Diabetes, but not diabetes drug, linked to poor pregnancy outcomes
New research indicates that pregnant women with pre-gestational diabetes who take metformin are at a higher risk for adverse pregnancy outcomes -- such as major birth defects and pregnancy loss -- than the general population, but their increased risk is not due to metformin but diabetes.
New oral diabetes drug shows promise in phase 3 trial for patients with type 1 diabetes
A University of Colorado Anschutz Medical Campus study finds sotagliflozin helps control glucose and reduces the need for insulin in patients with type 1 diabetes.
Can continuous glucose monitoring improve diabetes control in patients with type 1 diabetes who inject insulin
Two studies in the Jan. 24/31 issue of JAMA find that use of a sensor implanted under the skin that continuously monitors glucose levels resulted in improved levels in patients with type 1 diabetes who inject insulin multiple times a day, compared to conventional treatment.
Complications of type 2 diabetes affect quality of life, care can lead to diabetes burnout
T2D Lifestyle, a national survey by Health Union of more than 400 individuals experiencing type 2 diabetes (T2D), reveals that patients not only struggle with commonly understood complications, but also numerous lesser known ones that people do not associate with diabetes.
A better way to predict diabetes
An international team of researchers has discovered a simple, accurate new way to predict which women with gestational diabetes will develop type 2 diabetes after delivery.
More Diabetes News and Diabetes Current Events

Trending Science News

Current Coronavirus (COVID-19) News

Top Science Podcasts

We have hand picked the top science podcasts of 2020.
Now Playing: TED Radio Hour

Listen Again: Reinvention
Change is hard, but it's also an opportunity to discover and reimagine what you thought you knew. From our economy, to music, to even ourselves–this hour TED speakers explore the power of reinvention. Guests include OK Go lead singer Damian Kulash Jr., former college gymnastics coach Valorie Kondos Field, Stockton Mayor Michael Tubbs, and entrepreneur Nick Hanauer.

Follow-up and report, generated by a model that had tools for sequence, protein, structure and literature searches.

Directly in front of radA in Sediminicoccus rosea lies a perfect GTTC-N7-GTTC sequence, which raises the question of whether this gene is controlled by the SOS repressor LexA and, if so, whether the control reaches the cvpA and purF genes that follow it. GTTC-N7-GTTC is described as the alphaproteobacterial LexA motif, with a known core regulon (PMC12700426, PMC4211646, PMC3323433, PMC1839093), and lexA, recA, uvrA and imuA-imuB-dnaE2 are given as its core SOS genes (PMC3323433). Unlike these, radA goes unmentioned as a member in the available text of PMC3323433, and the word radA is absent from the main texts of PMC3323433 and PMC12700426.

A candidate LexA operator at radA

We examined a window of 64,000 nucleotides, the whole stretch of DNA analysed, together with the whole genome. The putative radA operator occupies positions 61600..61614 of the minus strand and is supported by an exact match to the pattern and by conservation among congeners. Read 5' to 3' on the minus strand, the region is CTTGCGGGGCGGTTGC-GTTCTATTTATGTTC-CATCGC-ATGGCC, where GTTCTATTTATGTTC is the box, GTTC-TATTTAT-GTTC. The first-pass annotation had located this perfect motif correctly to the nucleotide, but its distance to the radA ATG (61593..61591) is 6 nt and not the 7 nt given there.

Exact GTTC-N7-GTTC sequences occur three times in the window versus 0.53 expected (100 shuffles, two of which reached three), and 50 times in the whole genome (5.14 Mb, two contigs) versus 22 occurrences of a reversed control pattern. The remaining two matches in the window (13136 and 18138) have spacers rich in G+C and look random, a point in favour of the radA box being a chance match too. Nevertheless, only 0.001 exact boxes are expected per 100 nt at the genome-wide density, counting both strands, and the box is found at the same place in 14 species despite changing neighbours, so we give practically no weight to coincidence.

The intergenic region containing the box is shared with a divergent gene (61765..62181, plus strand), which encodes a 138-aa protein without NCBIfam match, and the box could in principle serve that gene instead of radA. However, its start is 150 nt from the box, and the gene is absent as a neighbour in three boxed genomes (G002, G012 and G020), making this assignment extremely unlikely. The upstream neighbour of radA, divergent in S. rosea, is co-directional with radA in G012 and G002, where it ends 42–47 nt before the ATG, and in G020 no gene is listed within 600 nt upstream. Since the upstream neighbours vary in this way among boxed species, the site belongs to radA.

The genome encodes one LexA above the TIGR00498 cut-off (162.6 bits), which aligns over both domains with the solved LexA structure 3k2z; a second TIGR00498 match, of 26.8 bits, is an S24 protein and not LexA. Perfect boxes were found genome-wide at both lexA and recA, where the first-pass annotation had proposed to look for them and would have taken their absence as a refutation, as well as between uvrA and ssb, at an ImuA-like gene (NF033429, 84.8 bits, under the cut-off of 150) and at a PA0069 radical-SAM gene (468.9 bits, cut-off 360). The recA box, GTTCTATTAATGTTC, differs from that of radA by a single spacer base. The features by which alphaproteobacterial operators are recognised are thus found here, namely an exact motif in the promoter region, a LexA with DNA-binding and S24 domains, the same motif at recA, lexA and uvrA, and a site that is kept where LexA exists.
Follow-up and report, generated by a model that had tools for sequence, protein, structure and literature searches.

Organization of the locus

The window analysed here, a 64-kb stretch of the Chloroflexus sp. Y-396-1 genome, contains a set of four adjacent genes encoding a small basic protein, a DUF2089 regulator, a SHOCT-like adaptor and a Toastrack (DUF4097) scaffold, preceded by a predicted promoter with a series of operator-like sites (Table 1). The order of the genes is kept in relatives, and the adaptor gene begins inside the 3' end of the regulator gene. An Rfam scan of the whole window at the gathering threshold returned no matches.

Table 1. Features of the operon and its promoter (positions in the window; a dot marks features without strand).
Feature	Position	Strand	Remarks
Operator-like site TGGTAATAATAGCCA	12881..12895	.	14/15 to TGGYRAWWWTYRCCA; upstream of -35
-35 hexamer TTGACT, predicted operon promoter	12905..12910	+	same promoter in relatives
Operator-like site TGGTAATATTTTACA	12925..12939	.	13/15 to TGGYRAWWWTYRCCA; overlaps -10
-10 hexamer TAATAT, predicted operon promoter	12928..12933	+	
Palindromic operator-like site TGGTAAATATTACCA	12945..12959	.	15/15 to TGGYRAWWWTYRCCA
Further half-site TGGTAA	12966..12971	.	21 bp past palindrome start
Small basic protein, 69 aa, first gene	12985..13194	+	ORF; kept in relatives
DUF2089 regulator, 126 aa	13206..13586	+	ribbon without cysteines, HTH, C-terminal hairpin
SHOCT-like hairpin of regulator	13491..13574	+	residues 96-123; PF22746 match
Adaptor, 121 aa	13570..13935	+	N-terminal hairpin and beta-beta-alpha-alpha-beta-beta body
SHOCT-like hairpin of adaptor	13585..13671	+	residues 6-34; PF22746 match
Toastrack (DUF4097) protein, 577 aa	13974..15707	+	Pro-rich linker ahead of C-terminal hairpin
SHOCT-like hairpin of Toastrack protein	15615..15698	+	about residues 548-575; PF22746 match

Now Playing: Science for the People

#562 Superbug to Bedside
By now we're all good and scared about antibiotic resistance, one of the many things coming to get us all. But there's good news, sort of. News antibiotics are coming out! How do they get tested? What does that kind of a trial look like and how does it happen? Host Bethany Brookeshire talks with Matt McCarthy, author of "Superbugs: The Race to Stop an Epidemic", about the ins and outs of testing a new antibiotic in the hospital.
Now Playing: Radiolab

Dispatch 6: Strange Times
Covid has disrupted the most basic routines of our days and nights. But in the middle of a conversation about how to fight the virus, we find a place impervious to the stalled plans and frenetic demands of the outside world. It's a very different kind of front line, where urgent work means moving slow, and time is marked out in tiny pre-planned steps. Then, on a walk through the woods, we consider how the tempo of our lives affects our minds and discover how the beats of biology shape our bodies. This episode was produced with help from Molly Webster and Tracie Hunte. Support Radiolab today at Radiolab.org/donate.